Benedictine monk praises Lord of the Lost band

After poor performance: Benedictine monk wants reform at Eurovision Song Contest (ESC)

Benedictine Benedikt Müller from Königsmünster Abbey in Meschede is a Eurovision song contest expert. A few years ago, he even sat on the jury of the German preliminary round himself. In an interview with, he explains what he thought of the performance of the German band "Lord of The Lost" in Liverpool and what he would do differently next year.

Question: Brother Benedikt, did you watch the Eurovision Song Contest at the weekend?

Brother Benedikt: Of course, like every year. I have been an ESC fan since childhood and have only missed the Song Contest twice so far. I think it is such a great event. You can also see that in the many reactions that this European competition triggers in people.

Question: Why do you watch the ESC?

Brother Benedikt: I like the music in different languages. For me, the Song Contest is also part of my understanding of Europe, what Europe is all about. Through the Song Contest, I learned geography back in the 1980s, so to speak. It was educational television for me. I saw beautiful pictures from Iceland, Spain or Malta through the postcard films. Where else could I have seen such pictures back then? I think it's important to perceive Europe as unity in diversity in this peaceful way. Europe is colourful, every band makes its contribution to this at the ESC. I am also against the idea that all participating bands sing only in English. Europe has so many different cultures and languages to offer and the ESC expresses that.

Question: How did you follow the ESC this year? Alone on the cell or together with the confreres in front of the monastery television?

Brother Benedikt: Normally I watch the ESC together with the other monks in front of the television. This year it was different. I wasn't in such a good mood, so I watched it alone on my mobile. But I felt connected with the many ESC friends.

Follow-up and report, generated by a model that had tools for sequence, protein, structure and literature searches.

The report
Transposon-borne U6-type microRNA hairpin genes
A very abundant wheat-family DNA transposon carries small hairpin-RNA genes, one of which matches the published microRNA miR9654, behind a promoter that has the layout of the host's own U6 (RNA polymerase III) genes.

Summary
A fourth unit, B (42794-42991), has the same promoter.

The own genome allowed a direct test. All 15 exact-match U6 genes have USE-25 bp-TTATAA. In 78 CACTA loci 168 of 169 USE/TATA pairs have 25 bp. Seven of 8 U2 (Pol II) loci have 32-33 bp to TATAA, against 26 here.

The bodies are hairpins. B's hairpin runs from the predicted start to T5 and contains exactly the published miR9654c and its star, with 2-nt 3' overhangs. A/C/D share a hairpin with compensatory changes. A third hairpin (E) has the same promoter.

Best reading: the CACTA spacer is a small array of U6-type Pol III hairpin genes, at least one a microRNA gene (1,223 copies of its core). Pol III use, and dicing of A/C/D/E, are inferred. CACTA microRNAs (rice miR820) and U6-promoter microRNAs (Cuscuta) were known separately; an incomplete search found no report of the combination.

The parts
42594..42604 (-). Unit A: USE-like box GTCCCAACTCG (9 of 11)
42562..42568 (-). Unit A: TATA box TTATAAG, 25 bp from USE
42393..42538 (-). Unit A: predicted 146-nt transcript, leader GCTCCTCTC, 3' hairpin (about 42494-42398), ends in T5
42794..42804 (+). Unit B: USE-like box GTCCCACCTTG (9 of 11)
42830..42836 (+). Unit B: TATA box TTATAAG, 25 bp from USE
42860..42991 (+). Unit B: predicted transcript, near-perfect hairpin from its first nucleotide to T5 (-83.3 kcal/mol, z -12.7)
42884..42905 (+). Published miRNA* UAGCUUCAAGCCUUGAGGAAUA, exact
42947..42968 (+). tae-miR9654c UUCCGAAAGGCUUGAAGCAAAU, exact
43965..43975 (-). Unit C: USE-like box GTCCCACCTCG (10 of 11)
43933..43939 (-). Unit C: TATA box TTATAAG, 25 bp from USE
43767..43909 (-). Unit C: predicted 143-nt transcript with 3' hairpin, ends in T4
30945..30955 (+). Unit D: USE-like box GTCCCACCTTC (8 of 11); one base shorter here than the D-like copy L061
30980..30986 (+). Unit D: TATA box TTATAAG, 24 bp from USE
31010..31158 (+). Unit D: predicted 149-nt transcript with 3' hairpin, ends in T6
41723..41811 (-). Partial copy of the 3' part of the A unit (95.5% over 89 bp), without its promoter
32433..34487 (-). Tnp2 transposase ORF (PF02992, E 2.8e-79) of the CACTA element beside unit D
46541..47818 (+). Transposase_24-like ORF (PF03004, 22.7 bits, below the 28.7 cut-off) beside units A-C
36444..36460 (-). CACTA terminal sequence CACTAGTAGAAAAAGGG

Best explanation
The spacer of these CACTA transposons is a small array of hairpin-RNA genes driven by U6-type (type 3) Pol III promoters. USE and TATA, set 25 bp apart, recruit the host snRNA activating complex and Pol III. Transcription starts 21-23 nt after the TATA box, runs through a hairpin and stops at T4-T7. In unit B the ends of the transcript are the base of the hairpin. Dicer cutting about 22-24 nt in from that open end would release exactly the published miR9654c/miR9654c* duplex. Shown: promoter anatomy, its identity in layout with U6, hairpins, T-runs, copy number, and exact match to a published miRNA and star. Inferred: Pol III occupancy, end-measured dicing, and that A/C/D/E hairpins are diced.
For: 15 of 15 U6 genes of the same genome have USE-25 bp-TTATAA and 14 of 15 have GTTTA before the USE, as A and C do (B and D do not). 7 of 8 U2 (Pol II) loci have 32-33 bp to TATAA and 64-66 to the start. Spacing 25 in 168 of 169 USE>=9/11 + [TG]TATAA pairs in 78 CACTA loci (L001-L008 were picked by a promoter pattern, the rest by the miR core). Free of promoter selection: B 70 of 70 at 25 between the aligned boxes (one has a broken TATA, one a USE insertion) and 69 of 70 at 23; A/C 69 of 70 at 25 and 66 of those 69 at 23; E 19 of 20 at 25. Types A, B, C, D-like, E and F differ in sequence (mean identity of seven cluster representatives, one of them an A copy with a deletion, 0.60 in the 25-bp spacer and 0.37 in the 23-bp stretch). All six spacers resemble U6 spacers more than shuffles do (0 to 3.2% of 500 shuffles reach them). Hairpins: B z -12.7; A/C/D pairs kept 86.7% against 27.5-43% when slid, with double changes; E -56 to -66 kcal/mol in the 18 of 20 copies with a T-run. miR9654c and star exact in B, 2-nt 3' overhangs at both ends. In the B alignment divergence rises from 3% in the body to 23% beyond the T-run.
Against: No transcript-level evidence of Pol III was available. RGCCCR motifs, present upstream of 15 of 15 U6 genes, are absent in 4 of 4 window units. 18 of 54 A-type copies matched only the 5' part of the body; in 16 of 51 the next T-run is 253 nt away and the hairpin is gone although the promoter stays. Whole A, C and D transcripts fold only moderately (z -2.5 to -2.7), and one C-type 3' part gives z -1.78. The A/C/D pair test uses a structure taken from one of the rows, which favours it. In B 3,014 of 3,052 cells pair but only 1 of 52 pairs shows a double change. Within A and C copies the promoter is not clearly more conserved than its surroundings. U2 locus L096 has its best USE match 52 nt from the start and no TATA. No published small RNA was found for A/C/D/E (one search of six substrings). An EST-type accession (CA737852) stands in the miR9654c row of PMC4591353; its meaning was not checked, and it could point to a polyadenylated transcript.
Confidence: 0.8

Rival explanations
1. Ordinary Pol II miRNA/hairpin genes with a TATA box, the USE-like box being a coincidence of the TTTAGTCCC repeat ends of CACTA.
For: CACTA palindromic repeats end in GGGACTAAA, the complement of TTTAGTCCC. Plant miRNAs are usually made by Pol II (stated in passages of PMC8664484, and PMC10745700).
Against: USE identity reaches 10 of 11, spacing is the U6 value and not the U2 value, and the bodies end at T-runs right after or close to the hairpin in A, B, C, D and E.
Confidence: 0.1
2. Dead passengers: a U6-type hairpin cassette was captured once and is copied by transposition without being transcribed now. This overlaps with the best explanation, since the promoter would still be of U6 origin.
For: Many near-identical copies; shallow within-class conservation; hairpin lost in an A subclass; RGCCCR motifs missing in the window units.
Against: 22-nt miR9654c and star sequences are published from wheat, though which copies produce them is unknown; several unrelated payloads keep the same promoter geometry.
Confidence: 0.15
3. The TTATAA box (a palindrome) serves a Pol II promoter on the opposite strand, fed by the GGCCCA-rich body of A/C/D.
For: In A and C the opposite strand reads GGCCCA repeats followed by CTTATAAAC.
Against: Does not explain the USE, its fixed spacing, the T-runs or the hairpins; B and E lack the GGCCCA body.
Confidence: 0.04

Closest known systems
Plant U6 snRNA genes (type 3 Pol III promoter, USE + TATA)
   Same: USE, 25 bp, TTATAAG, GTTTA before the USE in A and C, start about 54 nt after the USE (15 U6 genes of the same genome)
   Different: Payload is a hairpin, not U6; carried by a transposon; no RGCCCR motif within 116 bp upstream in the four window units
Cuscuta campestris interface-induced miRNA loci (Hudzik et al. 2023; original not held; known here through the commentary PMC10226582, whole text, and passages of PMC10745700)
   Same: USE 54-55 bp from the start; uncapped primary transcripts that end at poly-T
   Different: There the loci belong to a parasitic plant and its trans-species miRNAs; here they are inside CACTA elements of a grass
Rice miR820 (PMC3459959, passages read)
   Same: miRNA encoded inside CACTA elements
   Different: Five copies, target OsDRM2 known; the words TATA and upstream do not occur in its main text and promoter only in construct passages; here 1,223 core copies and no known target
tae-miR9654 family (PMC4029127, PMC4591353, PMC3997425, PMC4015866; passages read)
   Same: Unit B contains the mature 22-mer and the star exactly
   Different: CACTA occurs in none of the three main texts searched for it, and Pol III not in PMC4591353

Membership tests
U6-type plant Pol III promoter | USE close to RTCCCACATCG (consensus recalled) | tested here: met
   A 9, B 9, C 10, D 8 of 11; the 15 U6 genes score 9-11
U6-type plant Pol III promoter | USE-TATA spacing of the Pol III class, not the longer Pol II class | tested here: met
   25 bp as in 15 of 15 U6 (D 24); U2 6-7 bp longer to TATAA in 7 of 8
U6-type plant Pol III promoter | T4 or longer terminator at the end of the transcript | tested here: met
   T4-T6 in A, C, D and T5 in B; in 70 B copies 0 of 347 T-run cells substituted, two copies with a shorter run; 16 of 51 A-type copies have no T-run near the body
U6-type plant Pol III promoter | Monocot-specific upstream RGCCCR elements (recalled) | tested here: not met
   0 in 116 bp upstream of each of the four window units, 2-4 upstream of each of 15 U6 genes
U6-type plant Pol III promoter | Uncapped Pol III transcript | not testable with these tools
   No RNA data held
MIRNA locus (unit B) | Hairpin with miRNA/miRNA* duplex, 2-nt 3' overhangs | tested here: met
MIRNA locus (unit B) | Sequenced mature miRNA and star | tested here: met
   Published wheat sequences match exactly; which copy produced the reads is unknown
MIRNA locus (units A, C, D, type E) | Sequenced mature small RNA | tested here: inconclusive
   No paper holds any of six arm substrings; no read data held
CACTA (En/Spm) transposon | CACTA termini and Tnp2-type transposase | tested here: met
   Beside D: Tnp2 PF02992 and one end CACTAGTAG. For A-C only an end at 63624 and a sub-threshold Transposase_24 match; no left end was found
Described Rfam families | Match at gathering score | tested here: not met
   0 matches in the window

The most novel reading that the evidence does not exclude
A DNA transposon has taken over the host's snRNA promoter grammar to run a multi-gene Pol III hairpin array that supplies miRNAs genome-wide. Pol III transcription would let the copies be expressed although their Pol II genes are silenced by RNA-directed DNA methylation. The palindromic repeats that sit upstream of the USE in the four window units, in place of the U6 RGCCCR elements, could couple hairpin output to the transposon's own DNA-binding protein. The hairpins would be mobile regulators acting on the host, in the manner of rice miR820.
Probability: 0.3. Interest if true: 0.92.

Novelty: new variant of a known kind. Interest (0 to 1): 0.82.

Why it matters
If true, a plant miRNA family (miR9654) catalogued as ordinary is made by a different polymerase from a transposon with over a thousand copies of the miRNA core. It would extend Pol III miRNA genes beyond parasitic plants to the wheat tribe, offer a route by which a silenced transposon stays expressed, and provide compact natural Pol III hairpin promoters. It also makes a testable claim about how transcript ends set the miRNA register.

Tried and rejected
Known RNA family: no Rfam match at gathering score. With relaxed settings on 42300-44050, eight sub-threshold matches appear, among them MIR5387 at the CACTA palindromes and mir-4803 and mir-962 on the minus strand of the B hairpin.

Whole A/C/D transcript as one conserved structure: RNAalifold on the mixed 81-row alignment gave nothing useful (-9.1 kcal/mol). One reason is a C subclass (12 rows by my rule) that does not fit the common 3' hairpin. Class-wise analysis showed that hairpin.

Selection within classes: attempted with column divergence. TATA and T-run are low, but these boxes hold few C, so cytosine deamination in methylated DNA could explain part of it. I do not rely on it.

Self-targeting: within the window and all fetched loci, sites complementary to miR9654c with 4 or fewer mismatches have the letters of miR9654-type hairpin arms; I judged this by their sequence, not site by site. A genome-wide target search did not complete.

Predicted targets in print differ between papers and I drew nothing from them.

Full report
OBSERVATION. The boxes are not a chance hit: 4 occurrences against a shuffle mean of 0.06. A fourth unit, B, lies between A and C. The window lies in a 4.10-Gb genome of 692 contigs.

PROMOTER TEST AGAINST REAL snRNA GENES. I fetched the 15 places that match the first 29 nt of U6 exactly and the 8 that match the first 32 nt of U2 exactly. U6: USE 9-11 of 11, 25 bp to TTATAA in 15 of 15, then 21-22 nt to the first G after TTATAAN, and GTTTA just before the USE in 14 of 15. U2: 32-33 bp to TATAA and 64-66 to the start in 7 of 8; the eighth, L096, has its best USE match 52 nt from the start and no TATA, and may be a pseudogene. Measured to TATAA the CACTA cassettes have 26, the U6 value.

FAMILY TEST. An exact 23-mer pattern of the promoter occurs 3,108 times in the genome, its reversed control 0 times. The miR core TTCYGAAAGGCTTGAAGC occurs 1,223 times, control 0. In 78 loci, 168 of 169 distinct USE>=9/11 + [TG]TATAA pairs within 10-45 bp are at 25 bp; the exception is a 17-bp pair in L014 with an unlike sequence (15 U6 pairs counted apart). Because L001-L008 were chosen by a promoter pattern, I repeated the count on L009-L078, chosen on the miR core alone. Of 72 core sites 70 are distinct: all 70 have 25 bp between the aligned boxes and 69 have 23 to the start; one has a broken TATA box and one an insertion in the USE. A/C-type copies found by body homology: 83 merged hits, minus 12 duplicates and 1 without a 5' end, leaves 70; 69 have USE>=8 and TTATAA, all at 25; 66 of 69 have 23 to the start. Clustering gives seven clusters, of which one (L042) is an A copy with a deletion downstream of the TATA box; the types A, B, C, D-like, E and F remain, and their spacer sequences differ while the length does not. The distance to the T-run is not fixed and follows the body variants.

Question: You yourself were once a member of the jury at an ESC. From your point of view, what did you really think of the entry of the German rock band "Lord of the Lost"? Was it really not good?

Brother Benedikt: I thought the performance was very good and successful. I like the band "Lord of the Lost". However, a song like that is always a matter of taste. But the title "Blood and Glitter" is spiritually charged. It also refers to Good Friday and Easter Sunday. We will fall down and get up, rise to heaven. That's what I heard. The song had so many mystical elements and spiritual statements. The song is also about saints and sinners. I looked at the lyrics carefully, of course. But for their exceptional vocal performance alone, this rock band could have scored better. It probably would have gone down better a few years ago. I think it was mainly a jury problem. There are people sitting there who all come from the music scene. That means they tend to go in the same direction in their assessment. In the past, the jury members were more diverse and the result was different. This year you could also see that the audience voted differently than the jury. I think the jury can't stay like this and must become bigger and more colourful. It should not only be made up of experts, but of jurors from different walks of life. Because only those who were in the TOP 10 on the jury's ranking list were able to collect points in the end.